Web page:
83% of Scots more likely to support independence due to Boris Johnson. Our August Panelbase poll proved to be one of the most interesting political polls in Scottish history. It found 55% support for Scottish independence, reversing the 2014 referendum result and sending shockwaves throughout political society.
An extensive poll, many of the questions had the goal of simply directing our policy work and campaign messaging but taken together they paint a picture of crumbling support for the Union; it seems, however, that the secondary data has been just as revealing. Including that:
- 63% of Scottish voters think Yes would win a 2021 referendum
- 70% of Scots have more confidence in the Scottish Government to manage the economy compared with Westminster
- 42% of Labour voters now support independence
One of the most striking findings of the research is that – of those that said it would make a difference – 83% of voters in Scotland were more likely to vote for independence due to Boris Johnson being the UK Prime Minister.
This is an important finding as it suggests that the recent rise in support for Scottish independence is driven as much by the motivation to get away from Boris Johnson’s unpopular leadership as his Brexit and COVID-19 mismanagement.
We asked: “Has Boris Johnson being Prime Minister made you more or less likely to support Scottish independence?”
Overall 37% said that it made no difference and these responses were split between independence and Union supporters
- 52% said it made them more likely to support independence
- 10% said it made them less likely to support Scottish independence
When you remove those to whom it made no difference, we find 83% would be more likely to vote Yes in a new Scottish independence referendum. Whichever way the data is presented it is disastrous news for the PM who has awarded himself the title of Minister for the Union, thus suggesting that the man taking personal responsibility for maintaining the Union is one of the key reasons the Union is unlikely to survive.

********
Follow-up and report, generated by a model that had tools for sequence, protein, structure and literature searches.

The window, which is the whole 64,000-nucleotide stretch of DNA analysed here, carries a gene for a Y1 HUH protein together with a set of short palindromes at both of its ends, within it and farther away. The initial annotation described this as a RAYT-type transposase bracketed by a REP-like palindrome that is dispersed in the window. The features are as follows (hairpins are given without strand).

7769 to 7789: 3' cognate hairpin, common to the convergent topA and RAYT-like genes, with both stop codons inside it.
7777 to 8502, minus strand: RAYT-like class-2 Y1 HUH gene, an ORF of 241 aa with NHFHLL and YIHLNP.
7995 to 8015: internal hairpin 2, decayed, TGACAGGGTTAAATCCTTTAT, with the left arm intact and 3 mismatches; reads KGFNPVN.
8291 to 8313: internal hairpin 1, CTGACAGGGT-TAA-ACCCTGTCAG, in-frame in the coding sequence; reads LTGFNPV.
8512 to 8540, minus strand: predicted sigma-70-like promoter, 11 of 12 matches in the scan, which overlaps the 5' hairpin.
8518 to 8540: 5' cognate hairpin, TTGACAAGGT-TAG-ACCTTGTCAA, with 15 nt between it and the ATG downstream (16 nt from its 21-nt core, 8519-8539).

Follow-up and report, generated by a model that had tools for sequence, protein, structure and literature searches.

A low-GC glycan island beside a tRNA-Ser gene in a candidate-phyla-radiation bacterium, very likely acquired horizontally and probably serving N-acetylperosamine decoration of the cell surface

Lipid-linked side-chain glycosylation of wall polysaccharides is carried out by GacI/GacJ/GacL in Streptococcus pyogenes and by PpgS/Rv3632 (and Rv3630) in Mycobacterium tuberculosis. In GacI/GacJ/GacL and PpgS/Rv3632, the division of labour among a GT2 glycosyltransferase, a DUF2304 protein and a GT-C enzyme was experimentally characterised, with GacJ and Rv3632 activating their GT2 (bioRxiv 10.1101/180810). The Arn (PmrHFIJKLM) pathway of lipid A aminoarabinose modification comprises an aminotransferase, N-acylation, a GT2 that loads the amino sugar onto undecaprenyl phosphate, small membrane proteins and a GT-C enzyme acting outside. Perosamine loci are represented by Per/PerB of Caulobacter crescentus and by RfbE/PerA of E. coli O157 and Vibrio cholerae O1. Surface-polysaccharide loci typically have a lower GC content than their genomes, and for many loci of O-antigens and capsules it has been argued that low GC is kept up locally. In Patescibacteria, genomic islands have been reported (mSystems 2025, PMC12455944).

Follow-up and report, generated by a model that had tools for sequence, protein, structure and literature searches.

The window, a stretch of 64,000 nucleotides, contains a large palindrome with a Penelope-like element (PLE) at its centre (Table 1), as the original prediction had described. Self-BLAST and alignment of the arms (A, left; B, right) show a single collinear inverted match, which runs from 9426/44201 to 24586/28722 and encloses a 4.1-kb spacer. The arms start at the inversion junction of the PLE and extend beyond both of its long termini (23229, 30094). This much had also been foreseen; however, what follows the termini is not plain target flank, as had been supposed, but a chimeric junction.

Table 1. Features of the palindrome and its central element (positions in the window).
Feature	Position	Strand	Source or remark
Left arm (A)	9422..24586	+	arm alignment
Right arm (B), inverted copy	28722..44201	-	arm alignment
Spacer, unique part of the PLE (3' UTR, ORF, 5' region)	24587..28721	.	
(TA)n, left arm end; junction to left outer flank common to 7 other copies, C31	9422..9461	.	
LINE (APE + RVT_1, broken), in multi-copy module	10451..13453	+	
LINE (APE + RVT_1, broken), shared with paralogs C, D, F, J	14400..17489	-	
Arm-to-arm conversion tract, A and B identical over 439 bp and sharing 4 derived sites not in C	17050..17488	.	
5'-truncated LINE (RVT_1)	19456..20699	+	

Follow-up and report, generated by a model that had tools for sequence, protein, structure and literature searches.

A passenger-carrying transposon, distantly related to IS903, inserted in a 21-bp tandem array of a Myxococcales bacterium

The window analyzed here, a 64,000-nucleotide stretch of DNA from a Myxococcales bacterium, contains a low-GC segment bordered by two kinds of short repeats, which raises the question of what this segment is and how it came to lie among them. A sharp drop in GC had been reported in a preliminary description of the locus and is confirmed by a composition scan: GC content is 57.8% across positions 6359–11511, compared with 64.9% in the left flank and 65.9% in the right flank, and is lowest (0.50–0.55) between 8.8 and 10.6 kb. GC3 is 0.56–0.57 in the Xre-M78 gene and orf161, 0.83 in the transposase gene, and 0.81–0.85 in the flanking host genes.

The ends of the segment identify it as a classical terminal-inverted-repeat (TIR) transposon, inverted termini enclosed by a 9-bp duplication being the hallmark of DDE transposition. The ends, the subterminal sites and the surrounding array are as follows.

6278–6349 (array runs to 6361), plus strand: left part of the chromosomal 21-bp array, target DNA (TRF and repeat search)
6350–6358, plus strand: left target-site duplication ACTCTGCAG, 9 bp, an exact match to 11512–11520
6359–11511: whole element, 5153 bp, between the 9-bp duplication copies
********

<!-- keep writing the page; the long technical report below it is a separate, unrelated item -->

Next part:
The breakdown of the data demonstrates where the negativity towards Boris Johnson is having the biggest impact:
- 57% of Labour voters were more likely to vote for independence (83% of those to whom it made a difference)
- 14% of Conservative voters were more likely to vote for independence (37% of those to whom it made a difference)
- 37% of Lib Dem voters were more likely to vote for independence (91% of those to whom it made a difference)
48% of people who voted No in 2014 said Johnson being Prime Minister made no difference to their constitutional position whilst 39% of 2014 No voters said they were more likely to vote Yes now. Of those that said it did make a difference a massive 74% of 2014 No voters were more likely to support independence due to Johnson being PM. Conversely, only 7% of 2014 Yes voters were more likely to vote No for the same reason (we assume this is largely due to Yes voters who also voted Leave in the EU referendum).
The top-line independence data – 55% Yes versus 45% No – illustrates the change that has happened in attitudes to Scottish independence that have manifested so far. The continuing unpopularity of Brexit in Scotland and of Boris Johnson and his Unionist Government explain some of the key reasons for growing independence support and suggests the direction of travel towards Yes is likely to continue for the foreseeable future.
Opinion by GMK
Boris Johnson is deeply unpopular in Scotland but it’s not just the man personally, it’s a complex jigsaw of Brexit, perceived incompetence and the unpopularity of his Government and his ministers overall that paints the whole picture. There is no-one within the Conservative ranks that posseses the people power to engage and increase trust in the Westminster government. Additionally, with almost half of Dec 2019 GE Labour voters supporting independence, if Labour tries to reclaim the mantle of the party of the Union their support is likely to disintegrate ahead of the 2021 Holyrood election.